World 2.0 belongs to remote

Ayush Jaiswal
15 min readJan 19, 2021

The Corporate world took well over the past century to come up with the quintessential office, and it took a pandemic somewhere less than half a year to unravel the known, tried, and tested.

Remote Work became the sole savior to keep companies up and running. As jarring as this transition has been for the employed and their employers, the new normal of work from home comes with a fair set of realizations, starting with a universally felt sentiment:

The truth comes out. #NewYorkerCartoons. newyorkermag

I first got to know about Remote work in 2017 when I visited the US for a conference. After reading the Gitlab handbook, Zapier’s guide, and some other resources, I found my conviction in remote work.

Being a newbie developer myself, I realized the gap in opportunities across different ecosystems and firmly believed in the fact that the globalization of opportunities is bound to happen because it just made so much sense! From changing the way workplace interactions take place to achieve new paradigms of work-life balance, remote work is undoubtedly logically sound.

Remote work is poised to become a norm for Millennials and Gen Z, and its benefits are immense. Results from various surveys have confirmed that once you’ve gone remote, there’s no looking back. And, that’s why I’ll talk about the benefits, impact, and challenges of remote working both from the perspective of an employee and an employer, backed with data from the various surveys including the one we conducted in India because World 2.0 is remote!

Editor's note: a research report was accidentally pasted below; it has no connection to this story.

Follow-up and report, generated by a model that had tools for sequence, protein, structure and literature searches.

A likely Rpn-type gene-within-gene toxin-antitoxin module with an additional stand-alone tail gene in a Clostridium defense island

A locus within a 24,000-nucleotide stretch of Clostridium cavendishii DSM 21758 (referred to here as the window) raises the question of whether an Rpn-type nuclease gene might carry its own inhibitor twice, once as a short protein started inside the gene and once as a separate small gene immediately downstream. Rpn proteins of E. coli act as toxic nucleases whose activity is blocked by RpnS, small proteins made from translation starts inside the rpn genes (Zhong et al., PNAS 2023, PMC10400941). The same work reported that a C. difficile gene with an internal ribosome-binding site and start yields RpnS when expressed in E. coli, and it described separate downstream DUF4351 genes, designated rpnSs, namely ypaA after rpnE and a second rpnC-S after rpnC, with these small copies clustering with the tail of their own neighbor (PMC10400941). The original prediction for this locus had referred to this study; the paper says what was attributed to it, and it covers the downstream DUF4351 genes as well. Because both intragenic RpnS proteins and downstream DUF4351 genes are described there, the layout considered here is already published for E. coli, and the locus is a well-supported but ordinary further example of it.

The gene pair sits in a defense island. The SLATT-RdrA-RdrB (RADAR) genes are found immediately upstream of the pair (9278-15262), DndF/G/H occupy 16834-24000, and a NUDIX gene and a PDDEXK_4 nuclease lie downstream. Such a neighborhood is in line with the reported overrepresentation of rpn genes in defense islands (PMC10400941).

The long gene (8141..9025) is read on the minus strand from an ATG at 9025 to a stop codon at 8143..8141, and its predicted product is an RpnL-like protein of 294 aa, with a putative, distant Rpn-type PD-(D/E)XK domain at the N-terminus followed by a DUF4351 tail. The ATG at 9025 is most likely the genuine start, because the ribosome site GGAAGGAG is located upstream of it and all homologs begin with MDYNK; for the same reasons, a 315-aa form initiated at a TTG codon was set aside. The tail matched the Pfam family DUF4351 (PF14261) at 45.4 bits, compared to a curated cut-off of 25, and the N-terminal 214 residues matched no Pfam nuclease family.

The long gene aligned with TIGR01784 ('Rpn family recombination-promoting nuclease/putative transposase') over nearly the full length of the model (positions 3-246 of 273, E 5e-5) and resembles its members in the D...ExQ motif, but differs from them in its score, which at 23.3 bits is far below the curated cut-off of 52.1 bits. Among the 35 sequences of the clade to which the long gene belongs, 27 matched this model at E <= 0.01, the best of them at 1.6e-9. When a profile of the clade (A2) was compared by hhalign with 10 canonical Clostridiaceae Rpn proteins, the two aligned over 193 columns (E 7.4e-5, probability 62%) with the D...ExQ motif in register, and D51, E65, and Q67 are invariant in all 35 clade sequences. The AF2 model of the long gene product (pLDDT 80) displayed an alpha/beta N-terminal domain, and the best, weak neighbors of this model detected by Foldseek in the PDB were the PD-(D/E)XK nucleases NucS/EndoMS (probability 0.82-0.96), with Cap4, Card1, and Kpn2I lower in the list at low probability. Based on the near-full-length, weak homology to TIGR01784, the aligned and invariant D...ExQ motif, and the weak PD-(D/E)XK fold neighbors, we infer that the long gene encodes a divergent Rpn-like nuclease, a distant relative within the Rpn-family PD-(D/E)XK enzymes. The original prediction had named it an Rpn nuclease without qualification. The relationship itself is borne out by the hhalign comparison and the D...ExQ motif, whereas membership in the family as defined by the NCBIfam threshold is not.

The New Normal

As the present workforce grapples with the new normal, managing schedules and averting the risk of burnouts, once the system is streamlined to allow for better work-life balance, remote working can prove to be the boon of one’s professional life.

In a survey conducted by Pesto on remote work in India, we found more than 85% of respondents have been working remotely for less than a year, clearly showcasing the switch due to pandemic.

However, remote work had already started gaining popularity in pre-pandemic days, unlocking the true potential of human productivity and addressing the loopholes of the traditional office set up.

Here, I believe the bigger picture that emerged was that of talent being universal. Over a period of time, businesses have also started recognizing the wider talent-pool accessible to them once they go remote and are no longer confined by borders. Some of the companies that were already aboard the remote work bandwagon pre-COVID include Invision, Stack Overview, and Zapier (to name a few). In fact, more than 57% of our respondents were employed by global companies.

As per a report by Flexjobs, the growth in remote work over the past twelve years is whooping 159% with more than 44% growth taking place in the past five years. A growth of over 8% was reported in a span of just one year (2016–2017).